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EV Charging Stations Multiply, But Are Often Out of Reach for Disadvantaged Populations

Melina Walling
Jul 22 2021

California will prohibit the sale of new gas-powered vehicles by 2035. But charging-station infrastructure takes time to develop. Already, some places are in danger of being left out, perpetuating historical disparities. Can supporters of a green future avoid the mistakes of the past?

An EVgo charging station in Venice in 2019 during an opening ceremony attended by Los Angeles Mayor Eric Garcetti.

Reinventing the Gas Station An EVgo charging station in Venice in 2019 during an opening ceremony attended by Los Angeles Mayor Eric Garcetti.   EVGO via Flickr

By Melina Walling

Andrea Talley loves her electric Kia Soul, but she doesn’t love charging it.

“Finding charging stations is a real struggle in my life,” said Talley, who lives and works in West Oakland, where she is a co-owner of a grocery cooperative. Until recently, since neither her apartment nor her neighborhood had outdoor charging ports, Talley needed to drive two miles north to Emeryville. With her car parked at the charging station next to an Urban Outfitters, she would plan her evenings around the hours needed to replenish her car battery.

Now, she charges at a brand-new charging station in Old Oakland, one of ten in a part of Oakland separated from her neighborhood by the I-980 freeway. It’s closer to where she lives, but not close enough. In West Oakland, there are no charging stations at all.

There are parallels between Talley’s work at Mandela Grocery Cooperative and her search for charging stations. The neighborhood now lacking charging stations was once devoid of groceries as well, in part because of decisions made the last time the American public shifted its primary mode of transportation.

The crossing of Interstates 980 and 580 in Oakland.

The crossing of Interstates 980 and 580 in Oakland.   Chiara Coetzee via Flickr

In the 1950s, cars replaced trains and soon highways were built cutting through urban neighborhoods. The construction of I-980 cut West Oakland off from the rest of the city. Urban renewal projects led scores of homes to be razed, while mortgages for new home purchases were scarce due to redlining practices. Major retailers fled. As profits declined, major grocery stores left. For the next 50 years, West Oaklanders had few places to buy fresh and affordable food, particularly produce. Mandela Grocery was founded in 2009 and helped alleviate the problem.

As for charging stations, it’s not clear whether any major companies will step up to do the same for West Oakland’s EV owners.With America on the verge of another transformation of transportation technology, will West Oakland again be denied a basic resource?

“Most people I talk to already understand the benefits of an electric car and love the idea,” said Talley. “But...how do you charge if you’re not a homeowner, and you don’t have a driveway with a charging port or an outlet?”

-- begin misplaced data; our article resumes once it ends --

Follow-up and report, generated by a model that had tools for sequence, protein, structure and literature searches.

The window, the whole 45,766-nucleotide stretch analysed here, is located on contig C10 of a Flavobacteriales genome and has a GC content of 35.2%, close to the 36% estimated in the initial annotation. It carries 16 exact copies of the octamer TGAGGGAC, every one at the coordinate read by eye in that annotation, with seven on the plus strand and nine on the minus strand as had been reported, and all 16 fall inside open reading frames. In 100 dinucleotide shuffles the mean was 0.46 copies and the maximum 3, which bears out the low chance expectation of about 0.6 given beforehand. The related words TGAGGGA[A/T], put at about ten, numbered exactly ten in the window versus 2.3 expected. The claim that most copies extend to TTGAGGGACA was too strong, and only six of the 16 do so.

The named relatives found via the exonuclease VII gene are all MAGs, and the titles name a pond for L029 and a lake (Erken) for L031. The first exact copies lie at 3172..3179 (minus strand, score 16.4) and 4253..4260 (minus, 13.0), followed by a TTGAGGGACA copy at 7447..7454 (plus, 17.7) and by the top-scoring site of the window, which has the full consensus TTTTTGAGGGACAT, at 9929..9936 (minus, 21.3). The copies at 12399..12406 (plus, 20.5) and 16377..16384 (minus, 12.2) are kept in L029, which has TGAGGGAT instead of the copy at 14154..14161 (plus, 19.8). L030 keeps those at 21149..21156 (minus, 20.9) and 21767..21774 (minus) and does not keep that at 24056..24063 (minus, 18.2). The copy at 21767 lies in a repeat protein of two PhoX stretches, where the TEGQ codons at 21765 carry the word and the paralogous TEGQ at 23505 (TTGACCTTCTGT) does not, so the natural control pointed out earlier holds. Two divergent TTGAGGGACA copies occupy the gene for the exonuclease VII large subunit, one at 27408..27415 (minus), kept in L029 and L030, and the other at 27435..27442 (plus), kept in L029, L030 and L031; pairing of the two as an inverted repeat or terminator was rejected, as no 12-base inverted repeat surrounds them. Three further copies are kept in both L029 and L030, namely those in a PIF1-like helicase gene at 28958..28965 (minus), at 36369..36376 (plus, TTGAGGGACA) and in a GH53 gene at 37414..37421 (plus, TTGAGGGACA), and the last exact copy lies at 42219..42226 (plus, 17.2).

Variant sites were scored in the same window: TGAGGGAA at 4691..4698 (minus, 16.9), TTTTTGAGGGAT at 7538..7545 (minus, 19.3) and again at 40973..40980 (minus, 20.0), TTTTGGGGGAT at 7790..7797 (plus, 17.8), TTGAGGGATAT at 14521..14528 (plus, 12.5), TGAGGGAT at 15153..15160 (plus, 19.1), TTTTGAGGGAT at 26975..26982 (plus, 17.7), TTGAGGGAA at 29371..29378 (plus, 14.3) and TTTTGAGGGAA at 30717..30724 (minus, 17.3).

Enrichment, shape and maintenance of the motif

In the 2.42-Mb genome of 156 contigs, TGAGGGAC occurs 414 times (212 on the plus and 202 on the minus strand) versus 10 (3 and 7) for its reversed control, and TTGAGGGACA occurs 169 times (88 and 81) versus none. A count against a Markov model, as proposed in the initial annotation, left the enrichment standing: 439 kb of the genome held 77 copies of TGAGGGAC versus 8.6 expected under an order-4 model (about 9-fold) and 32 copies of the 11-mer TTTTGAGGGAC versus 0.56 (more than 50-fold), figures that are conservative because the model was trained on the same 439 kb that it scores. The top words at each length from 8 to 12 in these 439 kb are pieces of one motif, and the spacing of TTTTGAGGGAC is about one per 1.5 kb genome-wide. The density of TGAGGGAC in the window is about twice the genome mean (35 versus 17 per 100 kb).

A BART train crosses a viaduct near the Nimitz Freeway in West Oakland.

A BART train crosses a viaduct near the Nimitz Freeway in West Oakland.   Thomas Hawk via Flickr

‘A Window of Opportunity’

Current projections suggest electric vehicles will account for a quarter of car sales by 2035, and will achieve cost parity with gas-powered vehicles by 2025, according to the online magazine Utility Dive. Although fleet turnover will take time, governments are depending on widespread electric-vehicle adoption to stay on target with the goal of achieving net-zero emissions by 2050. Biden’s infrastructure proposal has a significant EV incentive plan, including installing 500,000 more charging stations across the country, though the budget for that plan may hit partisan roadblocks.

California is at the forefront of the transition, with more electric vehicles than any other state: 425,300 at the end of 2020, compared to 58,160 in Florida, the next largest market, according to the Alternative Fuels Data Center. Governor Newsom announced in September that California would ban the sale of new gas-powered vehicles by 2035.

California and the West Figure Prominently in EV Sales

Electric Vehicle Registrations By State as of December 31, 2020

Chart: Electric Vehicle Registrations By State as of December 31, 2020.

Source: Alternative Fuels Data Center

Bill Lane Center for the American West


Of the approximately 9,000 public charging stations in San Francisco, the Peninsula and the East Bay, almost half—about 4,200 of them—are in Santa Clara County, which leads the Bay Area in EV sales. In Alameda County, which has a comparable population but an income level about $5,000 annually lower than that of Santa Clara, there are about 2,000 charging stations.

Interactive Map: Charging Stations

Click to open this graphic in a new browser window.


Click to view in a new window.

Source: Alternative Fuels Data Center


In California, ChargePoint Claims the Lion’s Share of Stations

Chart: In California, ChargePoint Claims the Lion’s Share of Stations